volume, was made larger than was intended and desired, and in this way the form and
size of the present volume were necessarily changed. The pastor, charged with the pre-
paration of additional historical particulars, originally contemplated little more than a
chronological table, like that prepared by Dr, C. R. Demme, and published, as an appen-
dix, in the account of the Centenary Jubilee of St, Michael's church, Philadelphia. But,
inasmuch as the form and size of the pages, were changed, and one discourse less than
we expected, was furnished, and the desire was expressed, not only that the volume
should be somewhat larger, but also that the period between 1761 und 1861 should be
mare fully set forth, the writer's "additional historical particulars" were greatly extended,
and their preparation unavoidably delayed the publication of this volume much longer
than he expected or desired. In the preparation of his part of this "Memorial," he has
freely used Prof M. L, Stoever's "Reminiscences of Lutheran Ministers," published in
the Evangelical Review, the Halle Reports, the records belonging to Trinity Church, the
private Journal of Dr, H, E. Muhlenberg, kindly furnished by Prof F. A. Muhlenberg,
and various other sources. He has taken up the history, — where Prof C. F, Schaeffer
paused, and has carried it down to the close of 1861, which has, unexpectedly, also be-
come the last of his pastorate at Lancaster,
It is not necessary for him to speak of the two discourses presented in this volume } they
will speak for themselves. The history of an Evan. Lutheran Church, during a period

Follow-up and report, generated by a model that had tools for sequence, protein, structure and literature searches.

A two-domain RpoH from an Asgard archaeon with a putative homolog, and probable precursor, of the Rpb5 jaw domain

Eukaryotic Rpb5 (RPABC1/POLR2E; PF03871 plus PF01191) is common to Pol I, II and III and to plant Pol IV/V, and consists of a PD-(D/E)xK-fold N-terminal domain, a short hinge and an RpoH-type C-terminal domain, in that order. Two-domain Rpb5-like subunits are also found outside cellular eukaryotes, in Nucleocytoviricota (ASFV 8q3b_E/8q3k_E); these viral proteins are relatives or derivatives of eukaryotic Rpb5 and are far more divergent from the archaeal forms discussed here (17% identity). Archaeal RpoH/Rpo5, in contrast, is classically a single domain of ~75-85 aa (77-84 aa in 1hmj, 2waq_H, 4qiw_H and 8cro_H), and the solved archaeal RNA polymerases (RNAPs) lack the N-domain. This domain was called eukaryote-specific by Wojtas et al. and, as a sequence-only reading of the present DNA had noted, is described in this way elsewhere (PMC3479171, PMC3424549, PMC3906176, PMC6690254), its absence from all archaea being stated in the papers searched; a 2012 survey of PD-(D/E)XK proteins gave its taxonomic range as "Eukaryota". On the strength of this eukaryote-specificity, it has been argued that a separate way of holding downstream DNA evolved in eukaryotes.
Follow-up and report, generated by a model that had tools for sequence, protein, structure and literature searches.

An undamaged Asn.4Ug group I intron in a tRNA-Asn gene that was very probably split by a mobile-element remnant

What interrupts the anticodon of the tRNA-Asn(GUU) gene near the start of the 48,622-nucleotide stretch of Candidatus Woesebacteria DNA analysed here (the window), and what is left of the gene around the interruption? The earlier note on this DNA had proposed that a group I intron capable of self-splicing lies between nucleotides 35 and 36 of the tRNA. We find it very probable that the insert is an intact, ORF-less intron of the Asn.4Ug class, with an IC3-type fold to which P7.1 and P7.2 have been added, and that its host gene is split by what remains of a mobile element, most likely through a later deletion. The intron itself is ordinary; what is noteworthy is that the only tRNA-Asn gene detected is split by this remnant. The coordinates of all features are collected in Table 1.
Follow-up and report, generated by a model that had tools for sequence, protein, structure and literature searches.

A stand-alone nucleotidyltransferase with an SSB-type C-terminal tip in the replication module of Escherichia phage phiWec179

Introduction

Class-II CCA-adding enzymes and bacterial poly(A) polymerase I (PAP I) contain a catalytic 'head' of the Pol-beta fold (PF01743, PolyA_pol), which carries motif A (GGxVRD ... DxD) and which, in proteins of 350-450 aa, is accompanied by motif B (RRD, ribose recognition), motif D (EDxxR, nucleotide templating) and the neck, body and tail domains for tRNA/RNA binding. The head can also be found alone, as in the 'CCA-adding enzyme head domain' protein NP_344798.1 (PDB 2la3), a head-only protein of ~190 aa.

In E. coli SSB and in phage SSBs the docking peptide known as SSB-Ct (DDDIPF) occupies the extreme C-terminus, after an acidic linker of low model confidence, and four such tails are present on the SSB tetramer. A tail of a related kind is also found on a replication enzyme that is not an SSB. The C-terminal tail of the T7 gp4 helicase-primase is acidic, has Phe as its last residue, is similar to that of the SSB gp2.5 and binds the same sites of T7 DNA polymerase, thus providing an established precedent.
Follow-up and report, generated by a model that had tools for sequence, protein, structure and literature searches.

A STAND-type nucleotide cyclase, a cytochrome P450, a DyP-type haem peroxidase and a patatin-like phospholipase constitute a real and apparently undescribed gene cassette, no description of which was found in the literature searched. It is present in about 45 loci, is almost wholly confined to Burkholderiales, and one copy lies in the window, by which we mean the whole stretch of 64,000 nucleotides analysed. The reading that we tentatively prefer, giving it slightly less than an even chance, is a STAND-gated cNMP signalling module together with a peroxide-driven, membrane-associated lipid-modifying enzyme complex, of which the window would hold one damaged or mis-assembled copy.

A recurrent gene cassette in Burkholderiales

of 130 years, is thus placed in the hands of our members, with the fervent prayer, that
it may deepen and strengthen their attachment to the church of their fathers, its preci-
ous doctrines, and scriptural usages; and that they and their children's children may
walk in the old paths, and ever "grow in grace, and in the knowledge of our Lord and
Saviour Jesus Christ. To Him be glory, both now and for ever. Amen."
Rev. Prof. CHARLES F. SCHAEFFER, D. D.
"J. glorious high throne from the beginning is the place of our
sanctuary." — Jerem. 17 : 12.
The wise and benevolent manner in which the Creator has adapted
the natural Avorld to the physical and moral nature of man, has,
in every age, afforded instruction and comfort to the devout be-
liever. The peculiar organization of inanimate nature, and the
various forces with which it is endowed, precisely fit it to supply
the immediate wants of man. The light of heaven in which he
walks or labors, benignly employs, but does not overAvhelm, his